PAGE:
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No, nothing to do with what _Spinosaurus_ had for dinner; but some very
interesting paleoichthyological papers in the latest PNAS. (Although, for the
first paper, not necessarily mutually exclusive).
Matt Friedman (2009). Ecomorphological selectivity among marine teleost fishes
during the end-Cretaceous extinction. PNAS 106: 5218-5223.
"Despite the attention focused on mass extinction events in the fossil record,
patterns of extinction in the dominant group of marine vertebrates - fishes -
remain largely unexplored. Here, I demonstrate ecomorphological selectivity
among marine teleost fishes during the end-Cretaceous extinction, based on a
genus-level dataset that accounts for lineages predicted on the basis of
phylogeny but not yet sampled in the fossil record. Two ecologically relevant
anatomical features are considered: body size and jaw-closing lever ratio.
Extinction intensity is higher for taxa with large body sizes and jaws
consistent with speed (rather than force) transmission; resampling tests
indicate that victims represent a nonrandom subset of taxa present in the final
stage of the Cretaceous. Logistic regressions of the raw data reveal that this
nonrandom distribution stems primarily from the larger body sizes of victims
relative to survivors. Jaw mechanics are also a
significant factor for most dataset partitions but are always less important
than body size. When data are corrected for phylogenetic nonindependence, jaw
mechanics show a significant correlation with extinction risk, but body size
does not. Many modern large-bodied, predatory taxa currently suffering from
overexploitation, such billfishes and tunas, first occur in the Paleocene, when
they appear to have filled the functional space vacated by some extinction
An excerpt from the Results & Discussion:
"The clearest pattern delivered by this study is the complete
extirpation of large-bodied fishes with biomechanically fast jaws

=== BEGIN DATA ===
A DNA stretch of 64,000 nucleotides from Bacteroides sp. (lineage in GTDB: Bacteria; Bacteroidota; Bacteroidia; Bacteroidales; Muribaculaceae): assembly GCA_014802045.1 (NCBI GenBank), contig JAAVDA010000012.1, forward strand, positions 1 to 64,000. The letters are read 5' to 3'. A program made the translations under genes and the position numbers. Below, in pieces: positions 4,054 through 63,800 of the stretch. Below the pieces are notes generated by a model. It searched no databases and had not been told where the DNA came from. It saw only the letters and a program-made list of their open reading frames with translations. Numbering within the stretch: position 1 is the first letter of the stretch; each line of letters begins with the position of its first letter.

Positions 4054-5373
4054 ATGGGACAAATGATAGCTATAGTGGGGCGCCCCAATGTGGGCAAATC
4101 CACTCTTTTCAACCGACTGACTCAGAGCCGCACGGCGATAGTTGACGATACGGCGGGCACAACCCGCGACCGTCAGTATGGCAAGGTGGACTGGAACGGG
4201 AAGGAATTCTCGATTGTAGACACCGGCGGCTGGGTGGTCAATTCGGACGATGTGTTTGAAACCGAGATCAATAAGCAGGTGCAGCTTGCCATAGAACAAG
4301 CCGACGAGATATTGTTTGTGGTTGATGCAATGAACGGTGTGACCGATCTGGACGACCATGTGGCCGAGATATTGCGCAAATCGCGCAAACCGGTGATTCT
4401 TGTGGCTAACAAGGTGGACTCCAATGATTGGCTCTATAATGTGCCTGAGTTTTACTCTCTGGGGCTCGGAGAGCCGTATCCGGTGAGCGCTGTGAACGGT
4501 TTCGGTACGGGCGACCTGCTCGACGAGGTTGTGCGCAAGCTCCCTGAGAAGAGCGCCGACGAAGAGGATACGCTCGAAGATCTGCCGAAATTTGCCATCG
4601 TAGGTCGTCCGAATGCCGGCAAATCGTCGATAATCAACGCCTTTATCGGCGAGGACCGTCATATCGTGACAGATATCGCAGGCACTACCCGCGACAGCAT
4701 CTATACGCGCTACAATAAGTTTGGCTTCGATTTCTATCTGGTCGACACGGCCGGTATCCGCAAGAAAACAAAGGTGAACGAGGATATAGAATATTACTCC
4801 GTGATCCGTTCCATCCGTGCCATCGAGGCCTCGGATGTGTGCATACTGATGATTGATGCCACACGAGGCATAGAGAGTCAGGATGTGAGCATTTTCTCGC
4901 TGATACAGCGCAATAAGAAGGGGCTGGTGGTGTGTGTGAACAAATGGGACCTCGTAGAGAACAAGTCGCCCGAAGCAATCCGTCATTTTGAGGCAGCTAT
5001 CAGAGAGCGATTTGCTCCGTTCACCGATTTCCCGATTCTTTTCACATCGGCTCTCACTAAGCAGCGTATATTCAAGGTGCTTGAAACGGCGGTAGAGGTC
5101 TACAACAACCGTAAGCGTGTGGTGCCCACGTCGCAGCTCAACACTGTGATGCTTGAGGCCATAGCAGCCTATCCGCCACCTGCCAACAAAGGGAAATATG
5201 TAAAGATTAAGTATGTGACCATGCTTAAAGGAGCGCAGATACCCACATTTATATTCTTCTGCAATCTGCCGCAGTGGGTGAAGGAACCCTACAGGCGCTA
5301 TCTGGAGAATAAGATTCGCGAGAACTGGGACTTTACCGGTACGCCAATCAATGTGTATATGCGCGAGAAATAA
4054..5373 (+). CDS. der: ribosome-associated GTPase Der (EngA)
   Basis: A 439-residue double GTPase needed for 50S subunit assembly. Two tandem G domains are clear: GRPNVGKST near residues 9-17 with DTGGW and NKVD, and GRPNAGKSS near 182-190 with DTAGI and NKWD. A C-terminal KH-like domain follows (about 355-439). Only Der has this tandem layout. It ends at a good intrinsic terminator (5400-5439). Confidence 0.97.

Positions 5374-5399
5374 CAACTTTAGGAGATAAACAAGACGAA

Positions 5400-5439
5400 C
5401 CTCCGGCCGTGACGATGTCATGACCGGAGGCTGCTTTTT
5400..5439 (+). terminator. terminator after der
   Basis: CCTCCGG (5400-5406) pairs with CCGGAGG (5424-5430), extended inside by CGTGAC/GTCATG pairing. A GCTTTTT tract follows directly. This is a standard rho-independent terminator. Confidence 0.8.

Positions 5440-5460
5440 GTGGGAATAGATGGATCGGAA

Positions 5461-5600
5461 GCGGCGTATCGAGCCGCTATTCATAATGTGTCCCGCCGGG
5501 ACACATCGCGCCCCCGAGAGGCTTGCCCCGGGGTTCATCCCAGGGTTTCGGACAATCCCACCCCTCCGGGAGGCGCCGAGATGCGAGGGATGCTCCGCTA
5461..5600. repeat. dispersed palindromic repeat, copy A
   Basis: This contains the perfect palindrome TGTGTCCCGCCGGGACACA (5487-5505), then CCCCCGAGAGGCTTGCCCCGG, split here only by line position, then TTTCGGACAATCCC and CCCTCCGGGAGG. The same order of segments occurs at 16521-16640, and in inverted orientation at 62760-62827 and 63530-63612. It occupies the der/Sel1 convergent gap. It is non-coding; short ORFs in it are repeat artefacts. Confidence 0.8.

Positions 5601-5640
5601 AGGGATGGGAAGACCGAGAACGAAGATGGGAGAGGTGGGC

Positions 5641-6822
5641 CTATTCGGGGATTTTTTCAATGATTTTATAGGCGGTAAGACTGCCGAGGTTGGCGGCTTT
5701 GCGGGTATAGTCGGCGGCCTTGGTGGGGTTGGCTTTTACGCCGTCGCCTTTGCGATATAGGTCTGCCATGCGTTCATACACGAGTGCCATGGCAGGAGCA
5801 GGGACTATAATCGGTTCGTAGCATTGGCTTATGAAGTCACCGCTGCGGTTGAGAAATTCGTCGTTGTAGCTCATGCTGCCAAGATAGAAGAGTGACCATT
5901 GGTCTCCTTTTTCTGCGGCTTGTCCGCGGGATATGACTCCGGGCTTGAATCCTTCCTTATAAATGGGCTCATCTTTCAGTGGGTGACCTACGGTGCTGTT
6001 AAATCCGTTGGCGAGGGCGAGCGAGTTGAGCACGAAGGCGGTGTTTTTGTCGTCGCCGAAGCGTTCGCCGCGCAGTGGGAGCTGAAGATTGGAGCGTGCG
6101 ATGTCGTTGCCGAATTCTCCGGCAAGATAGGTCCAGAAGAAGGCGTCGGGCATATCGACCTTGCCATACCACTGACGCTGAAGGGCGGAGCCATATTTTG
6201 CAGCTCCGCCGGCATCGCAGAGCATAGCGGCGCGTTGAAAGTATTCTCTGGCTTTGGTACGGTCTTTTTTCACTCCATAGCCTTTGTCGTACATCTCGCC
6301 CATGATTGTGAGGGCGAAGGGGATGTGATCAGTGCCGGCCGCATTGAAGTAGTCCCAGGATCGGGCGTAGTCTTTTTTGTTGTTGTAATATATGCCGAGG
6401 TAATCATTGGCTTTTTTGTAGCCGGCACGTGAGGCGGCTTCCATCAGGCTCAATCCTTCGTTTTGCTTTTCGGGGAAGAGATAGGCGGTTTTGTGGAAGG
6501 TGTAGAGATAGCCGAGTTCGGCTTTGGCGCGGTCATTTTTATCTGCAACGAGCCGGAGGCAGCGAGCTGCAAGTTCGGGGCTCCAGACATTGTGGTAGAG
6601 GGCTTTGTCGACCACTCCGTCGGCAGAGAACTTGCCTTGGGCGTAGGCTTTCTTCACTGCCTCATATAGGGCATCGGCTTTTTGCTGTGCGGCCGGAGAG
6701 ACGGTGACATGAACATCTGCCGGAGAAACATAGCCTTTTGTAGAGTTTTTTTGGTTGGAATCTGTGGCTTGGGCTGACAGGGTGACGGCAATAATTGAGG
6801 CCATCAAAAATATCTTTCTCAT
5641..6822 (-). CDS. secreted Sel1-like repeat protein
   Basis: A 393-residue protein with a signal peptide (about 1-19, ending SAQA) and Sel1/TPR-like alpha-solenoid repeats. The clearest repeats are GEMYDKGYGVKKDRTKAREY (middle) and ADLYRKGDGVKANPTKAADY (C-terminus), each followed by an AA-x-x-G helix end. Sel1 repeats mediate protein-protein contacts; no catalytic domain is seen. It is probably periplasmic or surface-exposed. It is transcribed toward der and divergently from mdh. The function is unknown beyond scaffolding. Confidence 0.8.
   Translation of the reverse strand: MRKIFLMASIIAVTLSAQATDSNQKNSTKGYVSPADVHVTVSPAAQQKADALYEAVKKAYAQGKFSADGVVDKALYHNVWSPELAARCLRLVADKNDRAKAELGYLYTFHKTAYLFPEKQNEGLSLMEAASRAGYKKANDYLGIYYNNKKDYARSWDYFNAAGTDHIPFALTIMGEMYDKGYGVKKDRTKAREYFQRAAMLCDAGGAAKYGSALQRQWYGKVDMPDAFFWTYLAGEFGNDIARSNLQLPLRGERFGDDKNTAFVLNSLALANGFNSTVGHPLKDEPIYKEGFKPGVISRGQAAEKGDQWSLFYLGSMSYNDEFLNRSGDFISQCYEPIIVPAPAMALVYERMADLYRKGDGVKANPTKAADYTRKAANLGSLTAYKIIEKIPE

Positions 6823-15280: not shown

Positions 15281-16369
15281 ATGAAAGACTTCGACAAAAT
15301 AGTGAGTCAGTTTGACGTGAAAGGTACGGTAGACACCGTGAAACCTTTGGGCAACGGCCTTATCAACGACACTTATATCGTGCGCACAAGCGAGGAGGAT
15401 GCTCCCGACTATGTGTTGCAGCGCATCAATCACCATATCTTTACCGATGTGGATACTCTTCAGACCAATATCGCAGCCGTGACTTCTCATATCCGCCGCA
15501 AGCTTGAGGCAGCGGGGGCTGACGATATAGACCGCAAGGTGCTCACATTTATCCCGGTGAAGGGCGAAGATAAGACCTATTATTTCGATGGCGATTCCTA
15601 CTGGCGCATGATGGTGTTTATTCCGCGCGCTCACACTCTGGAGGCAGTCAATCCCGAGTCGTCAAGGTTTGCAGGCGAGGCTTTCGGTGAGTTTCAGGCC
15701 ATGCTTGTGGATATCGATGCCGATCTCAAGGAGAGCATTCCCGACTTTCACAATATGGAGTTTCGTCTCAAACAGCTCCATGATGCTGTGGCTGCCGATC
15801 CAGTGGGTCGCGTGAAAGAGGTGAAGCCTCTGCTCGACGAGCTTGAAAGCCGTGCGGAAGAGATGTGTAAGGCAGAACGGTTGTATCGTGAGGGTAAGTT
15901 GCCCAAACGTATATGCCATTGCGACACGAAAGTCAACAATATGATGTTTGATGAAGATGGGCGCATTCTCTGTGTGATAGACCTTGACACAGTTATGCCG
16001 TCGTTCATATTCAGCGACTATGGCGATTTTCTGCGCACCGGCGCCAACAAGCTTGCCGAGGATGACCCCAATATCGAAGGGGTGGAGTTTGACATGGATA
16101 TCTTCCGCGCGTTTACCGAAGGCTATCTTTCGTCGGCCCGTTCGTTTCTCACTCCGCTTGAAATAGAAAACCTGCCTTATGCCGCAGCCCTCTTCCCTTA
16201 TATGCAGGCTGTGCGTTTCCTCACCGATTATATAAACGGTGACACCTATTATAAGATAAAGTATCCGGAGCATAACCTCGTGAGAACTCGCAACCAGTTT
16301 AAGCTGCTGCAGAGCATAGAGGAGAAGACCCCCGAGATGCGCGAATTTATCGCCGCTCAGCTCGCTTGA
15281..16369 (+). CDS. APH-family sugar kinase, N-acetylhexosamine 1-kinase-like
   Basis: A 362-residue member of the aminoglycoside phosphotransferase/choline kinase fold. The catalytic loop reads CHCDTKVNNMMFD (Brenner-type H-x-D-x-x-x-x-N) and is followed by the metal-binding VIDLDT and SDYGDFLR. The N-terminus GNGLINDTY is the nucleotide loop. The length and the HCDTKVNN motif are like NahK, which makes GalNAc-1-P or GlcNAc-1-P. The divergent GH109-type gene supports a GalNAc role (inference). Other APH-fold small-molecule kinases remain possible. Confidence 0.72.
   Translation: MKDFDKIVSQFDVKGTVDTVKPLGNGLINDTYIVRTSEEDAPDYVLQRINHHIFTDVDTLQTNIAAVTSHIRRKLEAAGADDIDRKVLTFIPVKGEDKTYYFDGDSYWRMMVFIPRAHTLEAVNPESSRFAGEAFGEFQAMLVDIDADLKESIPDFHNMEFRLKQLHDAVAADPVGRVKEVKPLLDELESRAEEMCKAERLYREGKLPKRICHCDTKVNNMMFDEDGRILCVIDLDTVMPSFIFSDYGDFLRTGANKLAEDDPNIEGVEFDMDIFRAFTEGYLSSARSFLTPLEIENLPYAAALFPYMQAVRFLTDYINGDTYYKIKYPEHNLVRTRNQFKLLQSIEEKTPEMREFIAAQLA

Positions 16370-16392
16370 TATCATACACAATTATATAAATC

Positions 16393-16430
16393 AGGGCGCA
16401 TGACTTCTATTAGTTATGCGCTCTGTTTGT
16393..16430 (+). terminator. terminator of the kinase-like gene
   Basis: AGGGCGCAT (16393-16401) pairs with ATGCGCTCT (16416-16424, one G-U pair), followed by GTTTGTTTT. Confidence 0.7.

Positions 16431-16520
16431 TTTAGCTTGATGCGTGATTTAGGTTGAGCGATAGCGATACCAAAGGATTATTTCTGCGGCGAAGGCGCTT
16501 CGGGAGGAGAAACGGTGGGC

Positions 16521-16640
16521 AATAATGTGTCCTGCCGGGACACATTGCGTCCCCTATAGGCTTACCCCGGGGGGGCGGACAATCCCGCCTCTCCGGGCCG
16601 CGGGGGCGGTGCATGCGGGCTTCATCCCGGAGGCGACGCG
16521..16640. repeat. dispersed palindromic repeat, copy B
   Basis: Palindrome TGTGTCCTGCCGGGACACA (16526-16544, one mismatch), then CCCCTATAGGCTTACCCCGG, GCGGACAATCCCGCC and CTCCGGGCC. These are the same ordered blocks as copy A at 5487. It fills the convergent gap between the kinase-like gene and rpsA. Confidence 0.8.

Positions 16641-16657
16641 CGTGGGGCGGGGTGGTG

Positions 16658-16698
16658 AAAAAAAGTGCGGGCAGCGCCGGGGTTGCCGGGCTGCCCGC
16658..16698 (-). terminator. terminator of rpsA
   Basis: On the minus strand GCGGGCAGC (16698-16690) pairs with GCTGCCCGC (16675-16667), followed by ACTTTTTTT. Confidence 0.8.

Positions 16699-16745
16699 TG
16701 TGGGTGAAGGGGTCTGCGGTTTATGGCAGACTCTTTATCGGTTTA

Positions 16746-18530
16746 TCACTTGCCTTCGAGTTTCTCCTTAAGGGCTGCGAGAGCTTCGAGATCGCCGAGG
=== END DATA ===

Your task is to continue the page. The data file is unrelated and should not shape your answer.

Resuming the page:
... Elevated extinction intensity among teleosts appearing to occupy higher
trophic levels is consistent with the collapse of oceanic food webs,
corroborating earlier hypotheses implicating diet as an important determinant
of survivorship among fishes... The most prominent teleostean casualties of the
end-Cretaceous extinction include the predatory pachycormids,
pachyrhizodontids, ichthyodectiforms, enchodontids, and cimolichthyids, all of
which are equipped with high-aspect-ratio caudal fins and fusiform bodies that
imply fast swimming and sustained cruising."
That article is not open access, but the following article is:
Alan Pradel, Max Langer, John G. Maisey, Didier Geffard-Kuriyama, Peter
Cloetens, Philippe Janvier, and Paul Tafforeau (2009). Skull and brain of a
300-million-year-old chimaeroid fish revealed by synchrotron holotomography.
PNAS 106: 5224-5228.
"Living cartilaginous fishes, or chondrichthyans, include numerous elasmobranch
(sharks and rays) species but only few chimaeroid (ratfish) species. The early
history of chimaeroids, or holocephalans, and the modalities of their
divergence from elasmobranchs are much debated. During Carboniferous times,
358â300 million years (Myr) ago, they underwent a remarkable evolutionary
radiation, with some odd and poorly understood forms, including the enig
erygians that were known until now from poorly informative flattened
impressions. Here, we report iniopterygian skulls found preserved in 3
dimensions in â300-Myr-old concretions from Oklahoma and Kansas. The study
was performed by using conventional X-ray microtomography (ÎCT), as well as
absorption-based synchrotron microtomography (SR-ÎCT) [Tafforeau P, et al.
(2006) Applications of X-ray synchrotron microtomography for non-destructive 3D
studies of paleontological specimens. Appl Phys A
83:95â202] and a new holotomographic approach [Guigay P, Langer M, Boistel
R, Cloetens P (2007) Mixed transfer function and transport of intensity
approach for phase retrieval in the Fresnel region. Opt Lett 32:1617â1619],
which revealed their peculiar anatomy. Iniopterygians also share unique
characters with living chimaeroids, suggesting that the key chimaeroid skull
features were already established 300 Myr ago. Moreover, SR-ÎCT of an
articulated skull revealed a strikingly brain-shaped structure inside the
endocranial cavity, which seems to be an exceptional case of soft-tissue
mineralization of the brain, presumably as a result of microbially induced
postmortem phosphatization. This was imaged with exceptional accuracy by using
holotomography, which demonstrates its great potential to image preserved soft
parts in dense fossils."